Friday, the keynote presentation was titled “Migrating to DITA: Lessons Learned” by Don Bridges of Data Conversion Labs. He began by emphasizing “two naked realities": the best data conversion is the one you avoid, and only clairvoyants author content with the awareness that it will ever be converted in the future. Based on his company's experience with over 15 DITA projects and 500 XML migration projects, he provided the following lessons:
  • You don’t know what you don’t know — go out an learn as much about XML and DITA as you can before you start
  • Set expectations accurately
  • Calculate ROI honestly
  • Incorporate the technology that addresses your requirement — too many forget that the requirements should drive the solution, not the other way around
  • Get users involved in the decision and implementation process
  • Get IT involved early
  • Be sure your process scales
  • Understand and manage internal resistance to change
  • Get cleaned up — harmonize similar content to leverage reuse
  • Find a guide who has been there before — follow her or his advice

After a break, Jim Early of Flatirons Solutions Corporation spoke about “The Future of DITA.” The current business landscape emphasizes standardized content models that are reliable and extensible. There is a new mandate for collaboration, whether across geographically-distributed teams or across different organizations at the same site. Content management systems have become critical elements of the IT infrastructure as they enable more efficient workflow and getting the right information to the right people at the right time. Flatirons is seeing a lot of interest in migrating from other XML standards to DITA in the finance, medical, and aerospace industries. DITA will need to grow, moving content models beyond software and hardware technical publications constraints. Jim posed the following ideas that should be pursued in the coming years:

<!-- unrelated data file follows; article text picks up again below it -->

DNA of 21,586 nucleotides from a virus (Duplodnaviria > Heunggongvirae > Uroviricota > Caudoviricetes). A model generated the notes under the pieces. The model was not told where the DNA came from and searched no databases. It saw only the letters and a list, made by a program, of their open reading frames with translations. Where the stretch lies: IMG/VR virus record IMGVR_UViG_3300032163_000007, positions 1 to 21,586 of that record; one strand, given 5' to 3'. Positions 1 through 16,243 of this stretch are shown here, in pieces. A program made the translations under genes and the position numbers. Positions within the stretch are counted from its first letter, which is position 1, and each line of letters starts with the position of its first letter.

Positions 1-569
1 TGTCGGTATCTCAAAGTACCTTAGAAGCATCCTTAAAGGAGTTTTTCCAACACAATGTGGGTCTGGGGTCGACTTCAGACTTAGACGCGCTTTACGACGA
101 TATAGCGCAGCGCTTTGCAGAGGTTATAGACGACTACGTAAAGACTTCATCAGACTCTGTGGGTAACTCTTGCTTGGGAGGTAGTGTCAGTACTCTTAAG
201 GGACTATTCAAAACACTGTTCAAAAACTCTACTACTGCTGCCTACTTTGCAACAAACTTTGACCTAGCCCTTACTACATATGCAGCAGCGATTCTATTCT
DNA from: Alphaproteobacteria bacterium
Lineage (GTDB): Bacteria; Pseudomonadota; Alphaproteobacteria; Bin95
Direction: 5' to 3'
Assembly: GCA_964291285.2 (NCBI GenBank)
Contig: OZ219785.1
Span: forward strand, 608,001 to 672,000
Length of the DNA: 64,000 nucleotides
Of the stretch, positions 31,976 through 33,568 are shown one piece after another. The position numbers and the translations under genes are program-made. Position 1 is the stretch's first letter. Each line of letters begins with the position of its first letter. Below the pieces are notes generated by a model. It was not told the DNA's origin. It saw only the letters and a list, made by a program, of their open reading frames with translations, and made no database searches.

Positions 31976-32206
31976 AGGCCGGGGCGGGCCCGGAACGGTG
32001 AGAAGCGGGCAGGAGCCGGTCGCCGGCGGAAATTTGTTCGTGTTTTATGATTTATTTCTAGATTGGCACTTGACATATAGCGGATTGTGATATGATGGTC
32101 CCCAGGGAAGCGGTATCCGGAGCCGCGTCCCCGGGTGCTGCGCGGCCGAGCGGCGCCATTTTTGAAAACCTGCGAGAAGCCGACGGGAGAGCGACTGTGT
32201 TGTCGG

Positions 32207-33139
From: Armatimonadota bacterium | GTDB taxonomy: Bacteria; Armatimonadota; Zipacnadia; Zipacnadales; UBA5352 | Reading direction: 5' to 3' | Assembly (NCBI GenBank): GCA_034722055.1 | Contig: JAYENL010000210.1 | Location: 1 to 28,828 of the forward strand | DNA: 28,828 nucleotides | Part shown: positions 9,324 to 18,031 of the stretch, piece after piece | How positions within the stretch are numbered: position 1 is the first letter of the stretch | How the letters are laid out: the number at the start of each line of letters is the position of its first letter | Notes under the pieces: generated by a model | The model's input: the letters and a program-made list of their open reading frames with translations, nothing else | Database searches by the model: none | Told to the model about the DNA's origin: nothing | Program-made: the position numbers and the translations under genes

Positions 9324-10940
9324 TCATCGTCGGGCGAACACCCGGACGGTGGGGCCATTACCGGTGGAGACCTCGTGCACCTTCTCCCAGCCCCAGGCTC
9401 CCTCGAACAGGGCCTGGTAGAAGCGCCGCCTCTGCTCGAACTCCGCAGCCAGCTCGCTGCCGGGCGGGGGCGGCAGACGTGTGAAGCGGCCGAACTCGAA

• Create a more generalized “base” topic that more easily permits specialized content models that currently don’t fit into the DITA topic model
  • Open content models to allow more flexibility in specialization
  • Enable content model extensions

France Baril of IXIASOFT talked about “Reuse Strategies and the Mechanisms That Support Them.” They were as follows:
  • Support multiple output types: DTD > XML > XSLT > various output steams — she went into specifics about how to achieve web displays, displays on a handheld device, PDF, and so on
  • Topic reuse in different projects — do not have topics depend on one another; they must stand alone
  • Conditional text and filtering — there are three basic filtering attributes: audience, product, and platform. Don’t define conditions as you go
  • Systematic conditional text and filtering — use a rich set of semantic tags, not conditional attributes on the same set of tags.
  • Content references (conref) — is a dangerous strategy that should be avoided; keep reusable fragments in separate files
  • Variable for words and phrases — but don’t go overboard